Monday, September 14, 2009

Weird...Ann Arbor Overtakes Flint in Manufacturing

Ten years ago, 30.5% of Flint's non farm employment was in manufacturing. Today 5.3% of Flint's non farm employment is in manufacturing. That's now lower than Ann Arbor at 6.5%.

As much as everybody thinks of Flint as a blue-collar, manufacturing town, it's gradually become a service-based economy (see a related discussion here on the Flint Expatriates blog).

-- Article


Heh..."gradually"

1 comment:

Don M said...

September their is a "new" military study created for “change” coinciding with the Coast Guard 20 year plan, and the EPA, — over two years after Senator Boxer killed the legislation created by the largest elected legislative voice of the American people,– they will meet to discuss their “new findings” and might have “new” recommendations. Will they continue on a slow course for change to protect foreign economic interest, or will they speed up mandatory requirements allowing faster protection of our waters and economic growth for our country?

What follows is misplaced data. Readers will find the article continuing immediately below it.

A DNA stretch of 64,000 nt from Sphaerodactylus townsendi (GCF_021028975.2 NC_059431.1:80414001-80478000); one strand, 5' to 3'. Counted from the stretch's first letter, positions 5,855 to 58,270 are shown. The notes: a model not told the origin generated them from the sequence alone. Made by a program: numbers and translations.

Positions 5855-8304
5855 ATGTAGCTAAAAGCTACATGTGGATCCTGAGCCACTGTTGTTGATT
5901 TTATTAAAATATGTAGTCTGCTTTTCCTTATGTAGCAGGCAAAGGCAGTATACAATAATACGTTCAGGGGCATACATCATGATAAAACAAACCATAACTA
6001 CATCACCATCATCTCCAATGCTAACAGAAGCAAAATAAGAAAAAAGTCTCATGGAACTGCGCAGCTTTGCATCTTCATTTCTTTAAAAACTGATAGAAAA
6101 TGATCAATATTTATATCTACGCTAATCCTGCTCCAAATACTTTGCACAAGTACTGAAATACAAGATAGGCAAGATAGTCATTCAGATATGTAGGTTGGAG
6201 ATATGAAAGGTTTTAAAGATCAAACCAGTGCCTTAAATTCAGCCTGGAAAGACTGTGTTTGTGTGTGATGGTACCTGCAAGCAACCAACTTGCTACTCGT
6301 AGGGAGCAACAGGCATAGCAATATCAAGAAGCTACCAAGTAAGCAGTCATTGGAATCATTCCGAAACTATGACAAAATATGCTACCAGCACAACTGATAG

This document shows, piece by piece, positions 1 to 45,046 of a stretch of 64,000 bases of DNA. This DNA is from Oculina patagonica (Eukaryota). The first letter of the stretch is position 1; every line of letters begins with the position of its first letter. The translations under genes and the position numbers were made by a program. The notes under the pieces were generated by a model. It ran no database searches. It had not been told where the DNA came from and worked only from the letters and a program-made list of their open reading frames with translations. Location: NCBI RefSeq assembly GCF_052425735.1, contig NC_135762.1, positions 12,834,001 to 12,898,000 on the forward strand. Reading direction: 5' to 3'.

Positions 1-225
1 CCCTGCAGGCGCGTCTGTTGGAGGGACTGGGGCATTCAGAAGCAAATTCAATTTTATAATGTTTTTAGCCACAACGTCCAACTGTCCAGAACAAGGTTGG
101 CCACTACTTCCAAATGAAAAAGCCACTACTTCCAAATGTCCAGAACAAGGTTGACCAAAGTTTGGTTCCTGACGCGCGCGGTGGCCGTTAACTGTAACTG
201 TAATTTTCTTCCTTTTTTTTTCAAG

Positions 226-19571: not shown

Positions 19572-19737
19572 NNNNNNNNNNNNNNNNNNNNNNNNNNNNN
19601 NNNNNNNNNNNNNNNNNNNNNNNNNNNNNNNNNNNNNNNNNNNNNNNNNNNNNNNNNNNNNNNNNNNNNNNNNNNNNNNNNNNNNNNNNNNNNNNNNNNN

The following report for Congress in DEC 2009 that explains that national ballast water legislation would do the same thing as tariffs, plus protect our environment from the carbon footprint and dirty water trail of foreign ships bringing foreign manufactured imports into our country, stealing jobs from Americans. “Although estimates of the costs of ballast treatment may be imprecise and vary from vessel to
vessel, there is some general agreement on average costs.14 For example, it may cost an estimated $400,000 per vessel for modification of container/bulk vessels to use onshore ballast water treatment facilities at California ports. More generally, the cost of retrofitting vessels to treat
ballast water has been estimated at between $200,000 and $310,000 per vessel for mechanical
treatment and around $300,000 for chemical treatment.15 Most of this expense will be borne by
foreign shipping companies, as the U.S. flag fleet is a small percentage of the global fleet,16 and
likely passed along to consumers of products imported on these ships.”